Friday, March 2, 2012

Thickness of dome walls

Thrust force lines must be kept within wall thickness for a structure to remain standing; this makes wall thickness critically important.  The triangular interlocking masonry system described on this blog can provide different wall thicknesses through different techniques.
A spherical dome under gravity is subject to "hoop" stress (like lines of latitude, horizontal) which varies from the crown down to the bottom edge. This stress is completely under compression from the top center down to the haunch (51.820 from vertical).  Below the haunch there are tensile forces pushing out, which grow stronger and tend to introduce cracks at the bottom of the masonry dome.  These tensile hoop forces at the bottom of a masonry dome are typically resolved by either a tension ring, or a massive abutment, or both.

Historically masonry analysis refers to “lunes” which are like the sliced sections of an orange peel.  Each lune is viewed as a discreet arch section for the purpose of stress analysis.  From the top of the lune down to the base of the dome, the stress increases as the weight increases.  The wall thickness increases accordingly to accommodate this increased stress. 

Although vertical cracks are known to develop at the bottom of large domes, this does not necessarily make these domes unsafe.  Many large domes with cracks at their bases are known to have stood for centuries, and are standing still; such as the Hagia Sophia, the Pantheon, and many others. 

A wall in a hemispherical dome is considered "thin shelled" if the wall thickness is 10% (or less) of the radius.  This 10% proportion is considered safe for a full hemisphere which goes 90 degrees from crest to base.  If a spherical dome is a segmental section which only goes 70 degrees from crest to base, then a wall thickness of 4% proportion (thickness to radius) is considered safe.  This shows how dramatically stress increases at the bottom of a spherical dome.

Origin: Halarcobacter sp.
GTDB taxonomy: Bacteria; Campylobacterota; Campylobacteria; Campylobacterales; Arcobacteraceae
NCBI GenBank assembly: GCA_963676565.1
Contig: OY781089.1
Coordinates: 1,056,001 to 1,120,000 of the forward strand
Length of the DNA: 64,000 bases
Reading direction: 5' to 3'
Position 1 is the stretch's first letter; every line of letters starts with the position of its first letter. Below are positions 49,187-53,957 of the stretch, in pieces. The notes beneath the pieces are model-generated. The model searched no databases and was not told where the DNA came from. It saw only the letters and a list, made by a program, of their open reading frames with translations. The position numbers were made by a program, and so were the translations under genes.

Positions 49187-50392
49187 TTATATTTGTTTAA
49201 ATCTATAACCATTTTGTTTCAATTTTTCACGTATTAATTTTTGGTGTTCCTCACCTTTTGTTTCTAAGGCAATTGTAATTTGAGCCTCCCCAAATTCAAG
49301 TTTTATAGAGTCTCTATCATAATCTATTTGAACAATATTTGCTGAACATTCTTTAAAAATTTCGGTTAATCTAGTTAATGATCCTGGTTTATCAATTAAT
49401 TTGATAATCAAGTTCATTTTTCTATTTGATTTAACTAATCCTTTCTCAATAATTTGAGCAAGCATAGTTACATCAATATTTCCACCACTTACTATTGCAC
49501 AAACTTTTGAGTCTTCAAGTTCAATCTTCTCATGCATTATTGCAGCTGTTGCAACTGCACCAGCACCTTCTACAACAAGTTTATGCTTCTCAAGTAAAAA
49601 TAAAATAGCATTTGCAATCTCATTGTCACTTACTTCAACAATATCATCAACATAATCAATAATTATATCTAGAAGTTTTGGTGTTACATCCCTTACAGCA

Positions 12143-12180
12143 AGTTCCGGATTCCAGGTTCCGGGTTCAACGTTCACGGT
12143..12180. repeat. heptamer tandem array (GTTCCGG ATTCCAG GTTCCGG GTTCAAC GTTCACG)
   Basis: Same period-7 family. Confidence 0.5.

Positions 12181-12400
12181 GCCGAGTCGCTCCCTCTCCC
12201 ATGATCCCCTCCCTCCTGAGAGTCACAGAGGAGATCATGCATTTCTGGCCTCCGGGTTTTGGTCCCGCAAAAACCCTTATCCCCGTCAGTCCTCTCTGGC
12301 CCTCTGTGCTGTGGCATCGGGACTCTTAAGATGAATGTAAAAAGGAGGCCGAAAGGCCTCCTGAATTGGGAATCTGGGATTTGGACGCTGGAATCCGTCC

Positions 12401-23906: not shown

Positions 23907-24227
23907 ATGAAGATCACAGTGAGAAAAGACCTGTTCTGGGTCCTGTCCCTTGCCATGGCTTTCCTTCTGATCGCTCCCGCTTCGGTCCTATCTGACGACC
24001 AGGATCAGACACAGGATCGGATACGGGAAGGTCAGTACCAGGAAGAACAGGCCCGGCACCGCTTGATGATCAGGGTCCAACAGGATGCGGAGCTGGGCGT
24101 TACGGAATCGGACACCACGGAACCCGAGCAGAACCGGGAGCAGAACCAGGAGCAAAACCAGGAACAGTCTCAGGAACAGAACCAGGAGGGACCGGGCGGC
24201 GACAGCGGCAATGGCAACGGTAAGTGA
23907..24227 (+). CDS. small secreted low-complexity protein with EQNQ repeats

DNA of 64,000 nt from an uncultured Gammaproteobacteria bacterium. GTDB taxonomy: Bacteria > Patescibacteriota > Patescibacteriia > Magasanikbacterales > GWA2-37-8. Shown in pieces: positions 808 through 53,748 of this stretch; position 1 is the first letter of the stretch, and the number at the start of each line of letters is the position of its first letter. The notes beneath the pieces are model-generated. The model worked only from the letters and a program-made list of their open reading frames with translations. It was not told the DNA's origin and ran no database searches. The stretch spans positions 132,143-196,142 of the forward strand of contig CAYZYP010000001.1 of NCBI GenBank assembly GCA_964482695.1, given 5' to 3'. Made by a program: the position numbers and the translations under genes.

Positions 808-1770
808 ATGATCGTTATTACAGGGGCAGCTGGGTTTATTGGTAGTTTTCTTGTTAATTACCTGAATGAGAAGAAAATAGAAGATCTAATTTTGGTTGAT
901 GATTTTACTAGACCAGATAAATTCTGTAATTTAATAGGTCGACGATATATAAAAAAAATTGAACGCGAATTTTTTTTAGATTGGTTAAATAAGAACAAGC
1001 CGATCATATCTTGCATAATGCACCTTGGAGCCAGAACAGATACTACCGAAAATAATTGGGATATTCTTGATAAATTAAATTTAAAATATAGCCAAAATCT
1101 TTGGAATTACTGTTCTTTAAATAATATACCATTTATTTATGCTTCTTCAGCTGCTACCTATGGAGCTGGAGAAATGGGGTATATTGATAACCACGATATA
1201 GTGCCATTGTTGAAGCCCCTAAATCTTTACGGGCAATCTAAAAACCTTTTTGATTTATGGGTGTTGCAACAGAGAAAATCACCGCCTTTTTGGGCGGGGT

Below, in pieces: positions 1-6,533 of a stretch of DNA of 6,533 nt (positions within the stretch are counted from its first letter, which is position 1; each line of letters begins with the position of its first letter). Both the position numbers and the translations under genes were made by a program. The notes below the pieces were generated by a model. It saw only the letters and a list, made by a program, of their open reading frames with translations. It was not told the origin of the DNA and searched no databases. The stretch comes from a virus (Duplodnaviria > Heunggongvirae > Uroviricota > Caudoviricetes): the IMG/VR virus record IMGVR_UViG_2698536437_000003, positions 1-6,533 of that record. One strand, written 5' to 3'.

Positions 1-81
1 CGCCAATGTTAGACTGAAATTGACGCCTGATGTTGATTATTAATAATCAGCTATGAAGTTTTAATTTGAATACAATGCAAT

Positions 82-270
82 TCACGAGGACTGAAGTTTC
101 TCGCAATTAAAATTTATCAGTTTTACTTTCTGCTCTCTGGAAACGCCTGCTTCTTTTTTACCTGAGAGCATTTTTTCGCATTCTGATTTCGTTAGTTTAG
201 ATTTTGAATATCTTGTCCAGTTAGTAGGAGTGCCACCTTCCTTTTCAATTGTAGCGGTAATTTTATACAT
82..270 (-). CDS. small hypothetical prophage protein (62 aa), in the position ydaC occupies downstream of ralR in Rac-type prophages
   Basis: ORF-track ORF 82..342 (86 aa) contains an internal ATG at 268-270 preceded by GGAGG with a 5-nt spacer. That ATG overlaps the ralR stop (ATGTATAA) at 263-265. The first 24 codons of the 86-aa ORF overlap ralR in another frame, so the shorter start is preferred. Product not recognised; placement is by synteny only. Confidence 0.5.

Wall thickness may be increased by simply making the bricks thicker.  That is, the dimension of the block from outside surface of the dome to the inside of the dome can be made larger for a thicker wall.  The center of the wall, at midway between outside and inside, is always an axis of symmetry for the interlocking features of the block.  This means that different thicknesses of block can be used together; they will still interlock and connect to each other.  Thinner blocks can be placed on top of thicker blocks.

Wall thickness can also be adjusted by using a core or depression or cavity within the block.  This technique does not change wall thickness from inside to outside the dome, but within the block itself.   A larger core (or hole) will produce thinner, lighter block.  (It is useful to note that standard rectangular concrete block is also typically hollow, and have cores).  Different core sizes can be used on a given mold.  This technique has been used historically by ancient master masons, including the Pantheon with its “coffers” on the dome interior.   (The first block which I had mass-produced on a block machine all had a hollow triangular core, they work well).

Thickness can also be adjusted by having multiple wythes, or layers of block, like layers of onion skin.  This arrangement is recommended for applications which require a high safety factor, including tornado shelters, hardened structures, blast resistant structures, etc.  This technique of multiple wythes can also be used at the base of very large domes to resolve thrusting forces.  The strength of a structure built with concentric wythes or layers of triangular block can be further increased by weaving the blocks together with a tensile element, like steel cable.

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